Editor’s Note: Tower will open in limited theatrical release on October 12, 2016.
It was almost 100 degrees that August morning in 1966 when Charles Whitman, an engineering student and former Marine, wheeled a rented dolly onto the University of Texas campus at Austin. Clad in overalls and with a veritable arsenal hidden inside a zipped bag, those who encountered him as they went to and from the university’s clock tower observation deck assumed he was a maintenance man, including a local couple who carefully walked around a large puddle of what they assumed was varnish.
It was blood, pooling from the hidden body of a campus secretary that Whitman had just bludgeoned to death.
Tower, Keith Maitland’s documentary on the University of Texas massacre, erases Whitman entirely, leaving him faceless and unidentified throughout. He may have been responsible for wounding 34 people and killing 15, but the film refuses to acknowledge him at all, instead focusing on the drama on the ground, on the survivors and witnesses to what would become known as the first mass school shooting in modern American history.
Archival photos, radio transmissions, television reports and interview snippets fill out the details and ensure Tower’s place as an important historical record, but it’s the words of the witnesses and survivors that will make your blood run cold.
Based on Pamela Colloff’s oral history of the shootings, “96 Minutes,” Tower utilizes actors portraying those who were on campus, then rotoscopes them into both recreated scenes and archival footage, most of which was shot by local Austin television stations. Featured interviewees are Claire Wilson, who lost her unborn baby in the attack, reporter Neal Spelce, student John Fox, and others; several of the actual survivors also appear in modern day interviews intercut with animated scenes.
Archival photos, radio transmissions, television reports and interview snippets fill out the details and ensure Tower’s place as an important historical record, but it’s the words of the witnesses and survivors that will make your blood run cold. There are tales of heroism and bravery, camaraderie and selflessness, but the film never lets you forget that these uplifting stories could not have happened except in the shadow of an unthinkable tragedy.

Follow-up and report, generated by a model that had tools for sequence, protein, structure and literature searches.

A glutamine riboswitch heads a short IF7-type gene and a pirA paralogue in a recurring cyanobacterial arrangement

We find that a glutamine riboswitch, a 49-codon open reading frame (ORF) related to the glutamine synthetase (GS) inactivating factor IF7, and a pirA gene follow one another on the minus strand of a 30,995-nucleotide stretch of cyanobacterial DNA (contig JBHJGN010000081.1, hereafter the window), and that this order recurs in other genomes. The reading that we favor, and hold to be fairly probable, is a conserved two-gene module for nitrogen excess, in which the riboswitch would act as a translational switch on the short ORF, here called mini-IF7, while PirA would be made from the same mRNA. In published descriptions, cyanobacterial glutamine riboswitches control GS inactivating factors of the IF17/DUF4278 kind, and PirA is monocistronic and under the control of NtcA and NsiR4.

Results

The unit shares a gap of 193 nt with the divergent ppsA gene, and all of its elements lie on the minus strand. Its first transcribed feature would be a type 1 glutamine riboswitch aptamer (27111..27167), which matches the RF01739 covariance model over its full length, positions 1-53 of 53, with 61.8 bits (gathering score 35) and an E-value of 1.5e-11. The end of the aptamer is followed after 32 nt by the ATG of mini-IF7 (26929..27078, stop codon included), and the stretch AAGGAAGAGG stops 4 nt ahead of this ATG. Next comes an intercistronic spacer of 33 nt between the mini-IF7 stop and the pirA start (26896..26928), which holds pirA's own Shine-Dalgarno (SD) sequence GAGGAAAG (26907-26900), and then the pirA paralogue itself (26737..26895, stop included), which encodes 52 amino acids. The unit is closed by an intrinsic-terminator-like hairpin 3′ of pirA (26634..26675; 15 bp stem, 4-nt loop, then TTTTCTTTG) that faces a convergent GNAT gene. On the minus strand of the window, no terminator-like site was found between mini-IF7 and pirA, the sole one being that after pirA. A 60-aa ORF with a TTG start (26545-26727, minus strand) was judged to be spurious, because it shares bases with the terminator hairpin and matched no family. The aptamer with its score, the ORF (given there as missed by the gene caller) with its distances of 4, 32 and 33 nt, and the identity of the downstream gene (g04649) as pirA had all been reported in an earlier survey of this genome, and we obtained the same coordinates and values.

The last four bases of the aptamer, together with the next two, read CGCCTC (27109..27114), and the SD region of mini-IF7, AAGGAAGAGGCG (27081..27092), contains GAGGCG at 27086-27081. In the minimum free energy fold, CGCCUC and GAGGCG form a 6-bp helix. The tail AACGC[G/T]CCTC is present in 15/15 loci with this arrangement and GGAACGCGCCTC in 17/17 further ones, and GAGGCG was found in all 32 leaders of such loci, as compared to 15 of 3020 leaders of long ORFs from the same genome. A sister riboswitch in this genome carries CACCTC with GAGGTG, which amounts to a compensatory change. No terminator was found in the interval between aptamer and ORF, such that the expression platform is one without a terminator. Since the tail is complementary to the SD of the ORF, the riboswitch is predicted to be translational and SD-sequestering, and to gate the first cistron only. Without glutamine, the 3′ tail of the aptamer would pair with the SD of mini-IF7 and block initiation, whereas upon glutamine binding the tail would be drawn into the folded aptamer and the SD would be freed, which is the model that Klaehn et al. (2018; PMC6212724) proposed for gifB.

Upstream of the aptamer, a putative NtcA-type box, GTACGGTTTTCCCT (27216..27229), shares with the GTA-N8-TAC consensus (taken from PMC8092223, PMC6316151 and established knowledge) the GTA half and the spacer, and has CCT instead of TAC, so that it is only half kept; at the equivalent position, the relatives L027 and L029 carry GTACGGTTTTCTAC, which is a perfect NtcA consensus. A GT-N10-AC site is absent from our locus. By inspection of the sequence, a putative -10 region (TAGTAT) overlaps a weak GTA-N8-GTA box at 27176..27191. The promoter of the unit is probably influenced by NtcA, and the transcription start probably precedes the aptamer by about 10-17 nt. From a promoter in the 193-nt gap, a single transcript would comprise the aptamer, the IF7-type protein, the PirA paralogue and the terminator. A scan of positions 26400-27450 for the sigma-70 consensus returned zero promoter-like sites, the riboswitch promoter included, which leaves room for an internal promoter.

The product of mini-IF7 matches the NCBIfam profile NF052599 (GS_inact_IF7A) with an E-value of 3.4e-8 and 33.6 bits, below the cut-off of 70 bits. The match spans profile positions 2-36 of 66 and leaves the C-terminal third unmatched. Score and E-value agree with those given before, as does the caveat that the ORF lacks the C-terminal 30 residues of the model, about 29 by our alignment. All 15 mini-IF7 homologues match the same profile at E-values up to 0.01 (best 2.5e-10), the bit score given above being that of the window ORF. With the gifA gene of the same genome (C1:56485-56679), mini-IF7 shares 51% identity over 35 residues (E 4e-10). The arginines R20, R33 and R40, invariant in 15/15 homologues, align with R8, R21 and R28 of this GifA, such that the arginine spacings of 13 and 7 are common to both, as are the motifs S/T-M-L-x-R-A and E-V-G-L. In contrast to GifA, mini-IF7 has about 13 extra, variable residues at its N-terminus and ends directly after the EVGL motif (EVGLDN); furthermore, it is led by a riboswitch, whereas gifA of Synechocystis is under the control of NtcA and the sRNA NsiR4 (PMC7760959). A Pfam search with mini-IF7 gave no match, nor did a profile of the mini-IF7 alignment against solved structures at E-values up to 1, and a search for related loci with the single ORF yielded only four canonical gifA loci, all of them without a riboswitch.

The loss of life is the obvious tragedy, of course; less obvious at the time were the psychological consequences. Those who lived through the shootings were expected to maintain the Texas version of a stiff upper lip, no one in 1966 really able to comprehend the enormity of what had happened. And though our first reaction to that might be to say that no one could ever be expected to comprehend such a thing, our country has, in fact, learned to not only comprehend but accept this and more, much more, with little more than a sigh.
There are tales of heroism and bravery, camaraderie and selflessness, but the film never lets you forget that these uplifting stories could not have happened except in the shadow of an unthinkable tragedy.
Tower doesn’t make much of a political stand, but it also doesn’t avoid a few uncomfortable facts, like the fact that the private citizens who showed up with rifles, hoping to take the sniper down, almost shot police officers instead. There’s also a telling archival moment with a Vietnam veteran and student who braved bullets in an effort to rescue victims, his rote military response to the reporter’s questions a fascinating juxtaposition to the killer’s similar training.
Terrific pacing and expert curation of interviews recreate the urgency without resorting to exaggeration, and the victim’s memories, while all greatly moving, avoid maudlin sentiment. Tower is anything but comprehensive, but that’s hardly the fault of the film. As it always is with tragedies like this, there were too many victims, and too many stories to tell.
Through a combination of archival footage and rotoscope animation, Tower documents the 1966 massacre on the campus of the University of Texas at Austin. Terrific pacing and expert curation of interviews recreates the urgency and horror, but without resorting to exaggeration or maudlin sentiment.